Many years ago, I went through a phase of writing down all my dreams. I quickly got much better at remembering them, to the point where writing down a night’s dreams could take an hour or more and was becoming quite a chore. And then a weird thing happened: I began to dream about writing down my dreams. After a long and complicated dream, I would write it down, feel relieved that the chore was done, and then wake to find that not only did I have to write down the initial dream, but the bit about writing it down as well. The act of writing about the dreams, I realised, had changed the character of the dreams themselves, and I abandoned the project.
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How does the novel become new again? One way is by its movement into fields of life not yet documented.
I’ve not read any of Rachel Cusk’s books, or anything by Jonathan Lethem who she was reviewing, but when I read this I was immediately struck by her notion that the purpose of a novel was to ‘document’ areas of life. It seemed to me an odd word and an odd conception of the function of fiction, and yet I felt I’d seen the same idea expressed in various ways many times before. And the more I thought about it, the more it struck me what a recent conception of literature that is. As I said in the article, it’s difficult to imagine that Shakespeare was trying to document anything, for instance.
Since writing the article, I’ve asked myself another question. Document for whom? Who is that looks at novels and works of literature as documentary records of their times? And the answer, it seemed to me, was academic students of literature. Of course if you study Shakespeare, or Jane Austen, or Virginia Woolf as an academic exercise, you inevitably read their work as, in part, a record of the times in which they were written, whether or not written with that intention.
EngLit as an academic subject is relatively recent, but many writers now, and particularly writers who aspire to write literature, have themselves studied it. Even if they haven’t studied it, writers who want to be admired and taken seriously are surely aware of its gaze, aware that in the long run, literature academics are often the ones who determine which works continue to be read and contine to be seen as important. And perhaps that makes ambitious writers crave the approval of that particular set of eyes? ‘If those people want to read works of literature as documentary records,’ they perhaps at some level think, ‘then documentary records are what we must write.’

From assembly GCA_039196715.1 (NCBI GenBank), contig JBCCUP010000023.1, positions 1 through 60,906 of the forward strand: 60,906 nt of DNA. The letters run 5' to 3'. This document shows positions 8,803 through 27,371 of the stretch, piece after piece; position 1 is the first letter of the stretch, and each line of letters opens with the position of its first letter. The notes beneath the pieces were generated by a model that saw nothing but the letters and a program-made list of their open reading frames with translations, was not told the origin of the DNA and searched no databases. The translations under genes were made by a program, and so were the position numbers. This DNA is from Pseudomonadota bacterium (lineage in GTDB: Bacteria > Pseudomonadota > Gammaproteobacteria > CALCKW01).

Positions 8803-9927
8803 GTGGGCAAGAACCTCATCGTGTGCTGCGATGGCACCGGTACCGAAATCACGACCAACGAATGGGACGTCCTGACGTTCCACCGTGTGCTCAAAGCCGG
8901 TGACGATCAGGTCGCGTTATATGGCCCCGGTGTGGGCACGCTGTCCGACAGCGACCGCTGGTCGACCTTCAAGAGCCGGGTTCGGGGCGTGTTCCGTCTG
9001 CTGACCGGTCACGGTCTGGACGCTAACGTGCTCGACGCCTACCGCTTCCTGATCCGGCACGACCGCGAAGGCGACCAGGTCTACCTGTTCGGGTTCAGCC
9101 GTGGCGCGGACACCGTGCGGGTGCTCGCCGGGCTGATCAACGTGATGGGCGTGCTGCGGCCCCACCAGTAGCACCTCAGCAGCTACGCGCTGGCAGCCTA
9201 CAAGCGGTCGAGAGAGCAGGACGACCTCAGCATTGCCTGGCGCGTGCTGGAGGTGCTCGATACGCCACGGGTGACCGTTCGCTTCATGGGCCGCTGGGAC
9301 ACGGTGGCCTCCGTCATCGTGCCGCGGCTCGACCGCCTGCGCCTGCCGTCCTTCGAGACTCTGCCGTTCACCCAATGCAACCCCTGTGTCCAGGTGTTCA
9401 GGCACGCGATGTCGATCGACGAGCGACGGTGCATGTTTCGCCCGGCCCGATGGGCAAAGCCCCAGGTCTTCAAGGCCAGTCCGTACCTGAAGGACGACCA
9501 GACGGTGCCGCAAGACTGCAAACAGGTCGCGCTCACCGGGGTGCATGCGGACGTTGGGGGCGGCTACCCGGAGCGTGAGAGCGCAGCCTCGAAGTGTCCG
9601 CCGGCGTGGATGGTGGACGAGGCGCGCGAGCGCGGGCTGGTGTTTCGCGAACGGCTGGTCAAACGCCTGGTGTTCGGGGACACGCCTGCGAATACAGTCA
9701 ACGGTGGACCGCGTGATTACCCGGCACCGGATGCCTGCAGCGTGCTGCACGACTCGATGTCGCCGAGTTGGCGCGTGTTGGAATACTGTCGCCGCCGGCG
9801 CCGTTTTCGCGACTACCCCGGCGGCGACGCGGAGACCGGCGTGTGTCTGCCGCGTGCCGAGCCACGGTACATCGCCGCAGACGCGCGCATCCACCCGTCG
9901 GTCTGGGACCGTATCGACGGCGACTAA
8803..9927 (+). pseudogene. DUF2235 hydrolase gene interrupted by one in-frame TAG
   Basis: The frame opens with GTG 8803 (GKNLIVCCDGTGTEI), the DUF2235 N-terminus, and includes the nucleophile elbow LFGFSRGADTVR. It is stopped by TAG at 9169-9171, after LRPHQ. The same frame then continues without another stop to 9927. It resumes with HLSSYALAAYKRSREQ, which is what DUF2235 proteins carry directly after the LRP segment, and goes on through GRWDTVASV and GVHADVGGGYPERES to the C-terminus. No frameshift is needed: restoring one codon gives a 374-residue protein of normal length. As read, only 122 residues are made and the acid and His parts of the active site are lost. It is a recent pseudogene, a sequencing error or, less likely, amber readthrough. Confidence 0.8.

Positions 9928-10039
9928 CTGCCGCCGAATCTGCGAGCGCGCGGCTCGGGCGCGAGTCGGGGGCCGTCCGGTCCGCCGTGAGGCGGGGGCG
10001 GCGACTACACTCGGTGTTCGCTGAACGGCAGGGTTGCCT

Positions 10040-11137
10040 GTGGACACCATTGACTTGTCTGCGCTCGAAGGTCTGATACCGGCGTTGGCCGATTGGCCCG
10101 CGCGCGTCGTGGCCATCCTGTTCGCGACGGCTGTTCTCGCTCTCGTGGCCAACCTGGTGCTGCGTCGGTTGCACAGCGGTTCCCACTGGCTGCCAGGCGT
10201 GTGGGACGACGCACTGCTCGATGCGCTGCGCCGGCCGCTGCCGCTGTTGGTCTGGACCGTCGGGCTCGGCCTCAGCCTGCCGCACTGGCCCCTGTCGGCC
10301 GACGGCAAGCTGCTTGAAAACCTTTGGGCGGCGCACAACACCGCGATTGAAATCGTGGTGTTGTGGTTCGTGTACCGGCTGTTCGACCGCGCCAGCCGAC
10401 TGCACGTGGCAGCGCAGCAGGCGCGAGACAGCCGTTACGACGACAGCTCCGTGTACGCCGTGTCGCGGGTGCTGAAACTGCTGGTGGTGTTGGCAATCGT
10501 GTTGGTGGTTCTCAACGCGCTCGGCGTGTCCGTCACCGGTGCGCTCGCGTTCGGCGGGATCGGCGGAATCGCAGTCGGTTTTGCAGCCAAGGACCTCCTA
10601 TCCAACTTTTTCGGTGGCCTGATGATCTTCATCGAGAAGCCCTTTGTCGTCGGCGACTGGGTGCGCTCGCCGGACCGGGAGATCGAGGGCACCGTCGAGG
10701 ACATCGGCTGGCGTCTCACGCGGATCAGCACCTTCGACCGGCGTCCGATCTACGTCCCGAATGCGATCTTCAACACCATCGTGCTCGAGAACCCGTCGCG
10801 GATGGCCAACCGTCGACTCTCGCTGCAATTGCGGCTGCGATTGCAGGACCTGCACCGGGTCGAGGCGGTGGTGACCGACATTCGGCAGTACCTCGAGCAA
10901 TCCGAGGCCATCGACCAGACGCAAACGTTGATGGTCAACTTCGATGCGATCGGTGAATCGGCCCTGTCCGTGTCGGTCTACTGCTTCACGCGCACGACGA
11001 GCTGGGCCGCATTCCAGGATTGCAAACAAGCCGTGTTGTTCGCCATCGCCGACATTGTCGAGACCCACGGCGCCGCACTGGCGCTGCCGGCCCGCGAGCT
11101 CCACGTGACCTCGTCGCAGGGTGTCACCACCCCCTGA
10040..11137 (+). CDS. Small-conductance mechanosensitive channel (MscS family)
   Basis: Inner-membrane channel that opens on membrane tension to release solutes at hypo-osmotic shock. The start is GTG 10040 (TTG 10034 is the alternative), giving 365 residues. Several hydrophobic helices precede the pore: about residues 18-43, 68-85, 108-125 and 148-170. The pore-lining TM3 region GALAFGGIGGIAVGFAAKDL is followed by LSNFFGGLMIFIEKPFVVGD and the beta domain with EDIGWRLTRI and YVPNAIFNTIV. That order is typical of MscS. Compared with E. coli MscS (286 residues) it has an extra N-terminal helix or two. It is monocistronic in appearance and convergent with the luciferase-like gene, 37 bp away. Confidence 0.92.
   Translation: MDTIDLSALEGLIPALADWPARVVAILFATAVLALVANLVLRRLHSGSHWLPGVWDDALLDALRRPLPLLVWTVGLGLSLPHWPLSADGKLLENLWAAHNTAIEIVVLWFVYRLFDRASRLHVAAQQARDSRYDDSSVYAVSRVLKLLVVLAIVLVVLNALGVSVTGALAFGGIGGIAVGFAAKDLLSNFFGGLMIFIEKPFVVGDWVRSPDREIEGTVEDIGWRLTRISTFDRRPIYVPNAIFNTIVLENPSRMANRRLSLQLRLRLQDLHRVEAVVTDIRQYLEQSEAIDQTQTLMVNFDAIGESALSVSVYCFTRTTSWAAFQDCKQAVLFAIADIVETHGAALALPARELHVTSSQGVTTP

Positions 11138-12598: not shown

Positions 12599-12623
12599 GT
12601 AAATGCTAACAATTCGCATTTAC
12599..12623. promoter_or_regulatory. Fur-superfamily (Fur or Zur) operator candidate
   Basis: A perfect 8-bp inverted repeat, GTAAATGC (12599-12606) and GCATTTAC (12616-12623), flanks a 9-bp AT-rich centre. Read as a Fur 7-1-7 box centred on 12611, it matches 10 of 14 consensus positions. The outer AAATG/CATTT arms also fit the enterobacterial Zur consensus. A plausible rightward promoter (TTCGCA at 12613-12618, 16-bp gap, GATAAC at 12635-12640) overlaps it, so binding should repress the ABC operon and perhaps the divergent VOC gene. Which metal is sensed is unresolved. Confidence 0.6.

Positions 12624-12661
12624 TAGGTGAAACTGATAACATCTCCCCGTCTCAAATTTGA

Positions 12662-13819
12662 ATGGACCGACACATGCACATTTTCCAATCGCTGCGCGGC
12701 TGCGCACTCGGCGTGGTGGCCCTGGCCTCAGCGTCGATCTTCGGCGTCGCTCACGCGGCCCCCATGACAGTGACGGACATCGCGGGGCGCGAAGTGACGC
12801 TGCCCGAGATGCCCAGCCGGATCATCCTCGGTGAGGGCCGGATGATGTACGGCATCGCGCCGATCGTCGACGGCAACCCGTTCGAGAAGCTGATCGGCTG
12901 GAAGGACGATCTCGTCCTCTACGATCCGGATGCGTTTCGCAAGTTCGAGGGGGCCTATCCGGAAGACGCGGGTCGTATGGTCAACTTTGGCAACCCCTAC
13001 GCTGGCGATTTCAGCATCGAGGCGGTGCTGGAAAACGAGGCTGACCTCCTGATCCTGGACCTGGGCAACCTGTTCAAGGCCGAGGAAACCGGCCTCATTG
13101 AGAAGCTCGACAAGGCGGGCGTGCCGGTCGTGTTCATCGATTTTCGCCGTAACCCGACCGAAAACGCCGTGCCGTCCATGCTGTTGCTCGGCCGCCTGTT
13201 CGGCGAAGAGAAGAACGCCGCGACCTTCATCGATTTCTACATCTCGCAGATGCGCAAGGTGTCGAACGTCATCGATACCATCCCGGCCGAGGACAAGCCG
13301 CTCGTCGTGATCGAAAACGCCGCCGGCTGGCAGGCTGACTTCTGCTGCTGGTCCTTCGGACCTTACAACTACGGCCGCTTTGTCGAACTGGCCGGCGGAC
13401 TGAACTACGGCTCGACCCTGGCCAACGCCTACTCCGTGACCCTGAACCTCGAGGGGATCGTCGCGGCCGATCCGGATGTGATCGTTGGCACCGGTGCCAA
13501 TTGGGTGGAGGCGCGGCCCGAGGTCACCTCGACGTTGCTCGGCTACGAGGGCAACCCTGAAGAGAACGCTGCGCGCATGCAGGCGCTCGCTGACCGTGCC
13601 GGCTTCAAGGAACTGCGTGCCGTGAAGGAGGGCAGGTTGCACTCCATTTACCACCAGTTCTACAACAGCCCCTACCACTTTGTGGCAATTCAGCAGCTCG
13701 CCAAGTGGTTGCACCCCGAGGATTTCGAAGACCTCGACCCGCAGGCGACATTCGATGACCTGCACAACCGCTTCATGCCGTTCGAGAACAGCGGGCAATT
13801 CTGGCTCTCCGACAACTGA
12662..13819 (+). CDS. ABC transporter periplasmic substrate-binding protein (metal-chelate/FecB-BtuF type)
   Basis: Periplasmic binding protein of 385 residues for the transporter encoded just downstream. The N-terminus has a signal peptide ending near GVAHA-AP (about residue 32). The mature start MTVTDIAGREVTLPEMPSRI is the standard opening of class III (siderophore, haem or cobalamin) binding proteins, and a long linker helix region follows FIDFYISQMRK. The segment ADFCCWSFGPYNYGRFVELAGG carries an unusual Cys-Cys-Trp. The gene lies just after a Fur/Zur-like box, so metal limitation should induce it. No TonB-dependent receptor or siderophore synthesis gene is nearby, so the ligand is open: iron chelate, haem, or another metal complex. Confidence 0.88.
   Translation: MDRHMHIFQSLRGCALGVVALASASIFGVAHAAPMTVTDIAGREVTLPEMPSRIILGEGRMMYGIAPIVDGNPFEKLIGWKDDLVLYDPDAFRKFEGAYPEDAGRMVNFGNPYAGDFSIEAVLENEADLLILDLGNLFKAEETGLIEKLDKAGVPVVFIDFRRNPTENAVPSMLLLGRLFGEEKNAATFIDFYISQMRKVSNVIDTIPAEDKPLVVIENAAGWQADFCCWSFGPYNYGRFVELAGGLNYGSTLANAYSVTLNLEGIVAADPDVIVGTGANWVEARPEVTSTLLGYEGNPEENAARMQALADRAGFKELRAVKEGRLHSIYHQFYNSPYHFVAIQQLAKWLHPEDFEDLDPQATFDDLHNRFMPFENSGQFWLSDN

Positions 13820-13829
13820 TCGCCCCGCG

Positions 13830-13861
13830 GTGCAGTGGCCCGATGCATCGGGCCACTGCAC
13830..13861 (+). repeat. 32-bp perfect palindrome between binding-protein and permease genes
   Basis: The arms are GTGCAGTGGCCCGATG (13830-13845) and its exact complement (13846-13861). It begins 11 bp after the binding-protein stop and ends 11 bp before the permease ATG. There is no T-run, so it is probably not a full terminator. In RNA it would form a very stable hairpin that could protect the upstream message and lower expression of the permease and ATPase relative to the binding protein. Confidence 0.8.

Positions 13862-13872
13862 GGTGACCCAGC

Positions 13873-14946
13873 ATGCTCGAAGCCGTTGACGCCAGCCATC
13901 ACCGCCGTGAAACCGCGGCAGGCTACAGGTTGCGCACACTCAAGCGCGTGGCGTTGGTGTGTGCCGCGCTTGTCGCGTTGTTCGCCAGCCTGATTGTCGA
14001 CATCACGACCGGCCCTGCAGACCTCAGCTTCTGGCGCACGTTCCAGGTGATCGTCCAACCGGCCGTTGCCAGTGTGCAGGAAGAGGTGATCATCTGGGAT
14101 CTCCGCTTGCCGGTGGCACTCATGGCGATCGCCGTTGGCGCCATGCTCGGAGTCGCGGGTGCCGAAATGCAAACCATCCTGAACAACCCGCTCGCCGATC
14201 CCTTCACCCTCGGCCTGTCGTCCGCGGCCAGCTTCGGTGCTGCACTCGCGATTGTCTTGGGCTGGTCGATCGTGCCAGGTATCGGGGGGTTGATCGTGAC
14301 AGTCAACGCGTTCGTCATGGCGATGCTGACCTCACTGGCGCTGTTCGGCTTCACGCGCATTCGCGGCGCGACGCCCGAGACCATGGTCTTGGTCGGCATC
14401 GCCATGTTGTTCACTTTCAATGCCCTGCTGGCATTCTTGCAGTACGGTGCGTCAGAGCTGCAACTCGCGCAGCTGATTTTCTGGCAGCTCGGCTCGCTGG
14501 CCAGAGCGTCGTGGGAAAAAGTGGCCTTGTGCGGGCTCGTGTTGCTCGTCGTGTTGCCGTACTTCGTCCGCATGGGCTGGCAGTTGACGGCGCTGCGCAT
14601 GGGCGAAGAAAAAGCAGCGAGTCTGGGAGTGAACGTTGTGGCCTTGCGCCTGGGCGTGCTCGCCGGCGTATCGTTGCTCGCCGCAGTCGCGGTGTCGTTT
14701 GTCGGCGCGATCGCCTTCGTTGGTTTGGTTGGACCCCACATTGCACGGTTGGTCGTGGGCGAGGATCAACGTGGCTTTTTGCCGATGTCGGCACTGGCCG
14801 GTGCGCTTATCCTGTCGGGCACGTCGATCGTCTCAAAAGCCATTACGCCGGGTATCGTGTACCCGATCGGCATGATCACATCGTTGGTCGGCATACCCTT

Or it might equally be: ‘If stylistic innovation is what impresses them, then stylistic innovation is what I’ll give them’. My point here isn’t so much about the specific notion of literature as contemporary record, as about the way in which (as with my dreams) external observation of a process alters the character of the process itself. Literary academics enjoy intertextuality, for instance (the way one text refers to, and plays with, other texts), and I’ve certainly come across works of fiction that played with intertextuality in such an arch and knowing way that it reminded me of a child trying to impress grown ups.
My hunch is, though, that in the long-run, the great books – the ones that students of literature end up finding interesting in the future – actually won’t turn out to be the ones that played too much to that particular gallery. After all, whether intentionally or not, any book is a document of its times and any book includes resonances, shadows and borrowings from other works, so, with or without self-conscious gallery-playing, there will always be things for the literary studies people to explore. And the great books of the past were written without having to consider that particular gaze.
“An academic-led literature is a gentrified suburb,” wrote the Australian poet, Les Murray, and I’m inclined to agree with him. Gentrified suburbs tend to be pretty and nice to live in, but, with their self-consciousness, their inhibitions, their niggling social anxiety, no one would call them the most exciting places on Earth.